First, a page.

An otherwise predictable morning tripper on the 10 started out predictably enough. The Palm Tran driver whose layover coincided with my starting point at the Publix on Camino Real was coming out of the store as I was going in. With a fluid gait, dead-weight arms, and before I could say Good Morning he announced with deadpan disappointment, "No croquettes!" Not needing a pit stop (and not caring for a patty) I too turned around.
Settling into our trip to Central Terminal, we picked up the NFL guru, a regular whose extensive analysis of football history and predictions I must always defer to. Football's not really my sport, but talking with him makes it fun to discuss.
Then the ghost reappeared. Not one of those bus glitches that appear without warning, but rather a rider I hadn't seen in well over a year. A bit more gray above the ears than before, but no less dynamic than I recalled. A tireless talker and inveterate socializer, his New York bravado and invasion of personal space demands constant engagement from anyone in his orbit. Frank the street preacher keeps you on your toes, a relentless challenge to apathy. With a curled copy of his autobiography in one hand, the other holding onto an upright stanchion so he could sway in the aisle rather than sit and aggravate an injury, the trip from Pompano to downtown was out of the ordinary. Between countless entreaties of "Jesus have mercy" every few blocks, he explained how he was on his way to court for preaching where he wasn't wanted, resulting in a trespass charge. As we passed the sky-high steeple of Coral Ridge Presbyterian gleaming in the morning sun, he pointed it out and proclaimed aloud, "I need to preach there!" With enthusiastic soulful inflection, he told us how he started in the black churches, then the Haitian churches. That last bit perked my ears.
"Sak pasé?" I asked, hoping to work on my Creole.
"I don't even speak French." A dead end for my language education, but at least I wouldn't need a translator for this sermon.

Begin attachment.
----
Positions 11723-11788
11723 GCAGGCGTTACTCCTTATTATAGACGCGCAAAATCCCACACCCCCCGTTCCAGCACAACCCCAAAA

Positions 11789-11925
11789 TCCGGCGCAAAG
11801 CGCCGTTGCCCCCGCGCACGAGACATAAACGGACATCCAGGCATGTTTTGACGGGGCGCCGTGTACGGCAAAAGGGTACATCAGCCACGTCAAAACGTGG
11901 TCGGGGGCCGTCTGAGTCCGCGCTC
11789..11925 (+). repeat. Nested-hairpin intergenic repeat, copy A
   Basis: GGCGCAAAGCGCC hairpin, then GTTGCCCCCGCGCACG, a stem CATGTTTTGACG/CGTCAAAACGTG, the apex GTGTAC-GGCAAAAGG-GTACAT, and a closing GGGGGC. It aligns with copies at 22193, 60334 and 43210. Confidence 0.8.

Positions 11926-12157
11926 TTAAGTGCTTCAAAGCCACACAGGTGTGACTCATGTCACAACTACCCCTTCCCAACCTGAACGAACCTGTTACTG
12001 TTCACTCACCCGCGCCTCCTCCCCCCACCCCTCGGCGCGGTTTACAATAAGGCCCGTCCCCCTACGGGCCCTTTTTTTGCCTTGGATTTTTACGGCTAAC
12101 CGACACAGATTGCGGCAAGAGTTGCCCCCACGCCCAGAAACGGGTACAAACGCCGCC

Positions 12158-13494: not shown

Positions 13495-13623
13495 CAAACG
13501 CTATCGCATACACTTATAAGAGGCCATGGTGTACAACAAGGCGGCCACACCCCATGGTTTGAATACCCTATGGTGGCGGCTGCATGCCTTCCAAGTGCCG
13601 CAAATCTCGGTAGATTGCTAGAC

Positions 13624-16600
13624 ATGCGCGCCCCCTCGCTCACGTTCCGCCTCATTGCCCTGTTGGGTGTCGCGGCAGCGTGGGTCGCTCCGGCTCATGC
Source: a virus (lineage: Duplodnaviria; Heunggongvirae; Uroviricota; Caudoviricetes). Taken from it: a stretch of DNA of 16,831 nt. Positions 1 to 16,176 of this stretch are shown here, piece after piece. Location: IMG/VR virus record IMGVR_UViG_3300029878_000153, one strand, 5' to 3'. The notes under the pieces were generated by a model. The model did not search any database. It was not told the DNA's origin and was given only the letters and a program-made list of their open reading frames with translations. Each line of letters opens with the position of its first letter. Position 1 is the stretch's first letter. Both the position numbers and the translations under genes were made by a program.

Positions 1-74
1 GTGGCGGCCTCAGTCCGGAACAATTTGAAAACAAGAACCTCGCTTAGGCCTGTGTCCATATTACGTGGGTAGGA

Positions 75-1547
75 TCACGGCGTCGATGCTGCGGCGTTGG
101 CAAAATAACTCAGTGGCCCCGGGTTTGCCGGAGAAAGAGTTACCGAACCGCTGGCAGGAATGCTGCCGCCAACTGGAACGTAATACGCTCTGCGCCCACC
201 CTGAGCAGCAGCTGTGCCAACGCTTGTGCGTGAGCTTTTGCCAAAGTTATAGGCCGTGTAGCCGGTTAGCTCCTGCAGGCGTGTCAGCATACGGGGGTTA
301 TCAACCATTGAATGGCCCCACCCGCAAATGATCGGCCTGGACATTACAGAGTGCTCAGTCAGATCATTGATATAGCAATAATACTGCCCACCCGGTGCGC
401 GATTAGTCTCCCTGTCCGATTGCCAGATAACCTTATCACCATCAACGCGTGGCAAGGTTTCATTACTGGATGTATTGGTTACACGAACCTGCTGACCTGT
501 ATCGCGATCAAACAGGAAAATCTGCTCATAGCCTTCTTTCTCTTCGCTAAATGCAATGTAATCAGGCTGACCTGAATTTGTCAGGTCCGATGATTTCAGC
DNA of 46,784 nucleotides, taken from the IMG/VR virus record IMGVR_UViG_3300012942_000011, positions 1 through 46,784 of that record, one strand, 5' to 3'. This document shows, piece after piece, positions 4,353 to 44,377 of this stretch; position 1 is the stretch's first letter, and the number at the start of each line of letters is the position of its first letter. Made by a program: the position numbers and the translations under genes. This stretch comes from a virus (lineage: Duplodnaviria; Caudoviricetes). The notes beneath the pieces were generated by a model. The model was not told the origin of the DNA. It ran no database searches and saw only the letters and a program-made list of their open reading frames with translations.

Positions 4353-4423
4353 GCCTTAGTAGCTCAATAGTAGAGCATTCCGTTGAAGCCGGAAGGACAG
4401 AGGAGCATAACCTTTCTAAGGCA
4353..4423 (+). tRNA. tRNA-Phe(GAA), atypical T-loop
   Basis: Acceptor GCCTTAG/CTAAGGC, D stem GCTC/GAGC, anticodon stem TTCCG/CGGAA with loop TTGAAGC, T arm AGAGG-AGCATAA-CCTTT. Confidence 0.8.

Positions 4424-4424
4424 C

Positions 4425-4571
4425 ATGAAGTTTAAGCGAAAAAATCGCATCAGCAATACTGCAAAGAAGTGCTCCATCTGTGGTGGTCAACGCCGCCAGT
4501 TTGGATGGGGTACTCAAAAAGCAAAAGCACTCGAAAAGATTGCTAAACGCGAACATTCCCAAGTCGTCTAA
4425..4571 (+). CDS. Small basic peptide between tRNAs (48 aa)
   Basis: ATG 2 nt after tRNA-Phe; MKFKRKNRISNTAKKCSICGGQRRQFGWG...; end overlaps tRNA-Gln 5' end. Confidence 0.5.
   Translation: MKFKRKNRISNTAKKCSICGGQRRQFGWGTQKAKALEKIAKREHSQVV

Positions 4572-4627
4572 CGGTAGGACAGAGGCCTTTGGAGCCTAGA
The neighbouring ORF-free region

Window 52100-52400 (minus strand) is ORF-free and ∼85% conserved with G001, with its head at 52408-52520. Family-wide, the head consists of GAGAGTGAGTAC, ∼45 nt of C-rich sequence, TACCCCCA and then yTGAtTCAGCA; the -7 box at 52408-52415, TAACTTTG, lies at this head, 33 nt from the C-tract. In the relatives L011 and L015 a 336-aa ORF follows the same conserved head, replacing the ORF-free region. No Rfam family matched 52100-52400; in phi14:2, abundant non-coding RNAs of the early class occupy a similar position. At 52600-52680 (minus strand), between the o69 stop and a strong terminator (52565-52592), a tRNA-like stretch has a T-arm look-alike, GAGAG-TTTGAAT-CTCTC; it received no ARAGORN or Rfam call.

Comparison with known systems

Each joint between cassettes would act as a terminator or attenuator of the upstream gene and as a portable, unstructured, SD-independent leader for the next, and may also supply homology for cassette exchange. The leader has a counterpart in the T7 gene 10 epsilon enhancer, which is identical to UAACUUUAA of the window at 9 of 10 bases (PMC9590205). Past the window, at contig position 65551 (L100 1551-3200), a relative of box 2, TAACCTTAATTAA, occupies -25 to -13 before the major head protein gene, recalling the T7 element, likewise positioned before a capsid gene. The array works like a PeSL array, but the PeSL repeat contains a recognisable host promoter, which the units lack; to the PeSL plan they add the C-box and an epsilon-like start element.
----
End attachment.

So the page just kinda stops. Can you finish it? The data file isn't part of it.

We approached Barnes & Noble, which prompted another proclamation while sliding his hand across the sign: "I see my book there. Nine million copies sold."
That kind of success requires some promotion, and I advised him to digitize his book, then go to the Art Institute and find a film student to follow him for a day. I'd watch that documentary.
As we neared the end of our trip, he let it be known he was looking for work. A car salesman for 20 years, he was let go recently after only a month at one dealer, "Even though I was the top salesman." Lamenting past mistakes that have set him back for lengthy stretches, he quietly resolved, "I need a godly organized woman." Just before he exited, he offered to sell me his mangled book; I decided to leave some things to mystery.
Trips like that can be invigorating and exhausting when you're not expecting them. It was a good warm up for the afternoon run, after a break between shifts.
* * *
It must have been at the Whole Foods at Copans when the lady boarded with a dozen eggs. It was an irresistible intro, so I asked if she was going to throw them.
With concern she flatly replied, "No. I need to eat them."
A man boarding behind her got my yolk joke and kept it going by saying, "I might do it."
"Let's make an omelet!" I suggested.
Closer downtown, our Special Olympics regular awaits, still wearing her big number sticker from the weekend race. She's excited and hopeful about going to State Finals.
Pretty sure it was at Central Terminal where the down-on-their luck couple boarded. These two were visiting and had to get all the way up to West Palm for a friend's wedding. They had limited funds, but enough for the fare to Boca. Hopefully they gave themselves plenty of time for the trip, I've taken that journey by bus before and it's a looong one.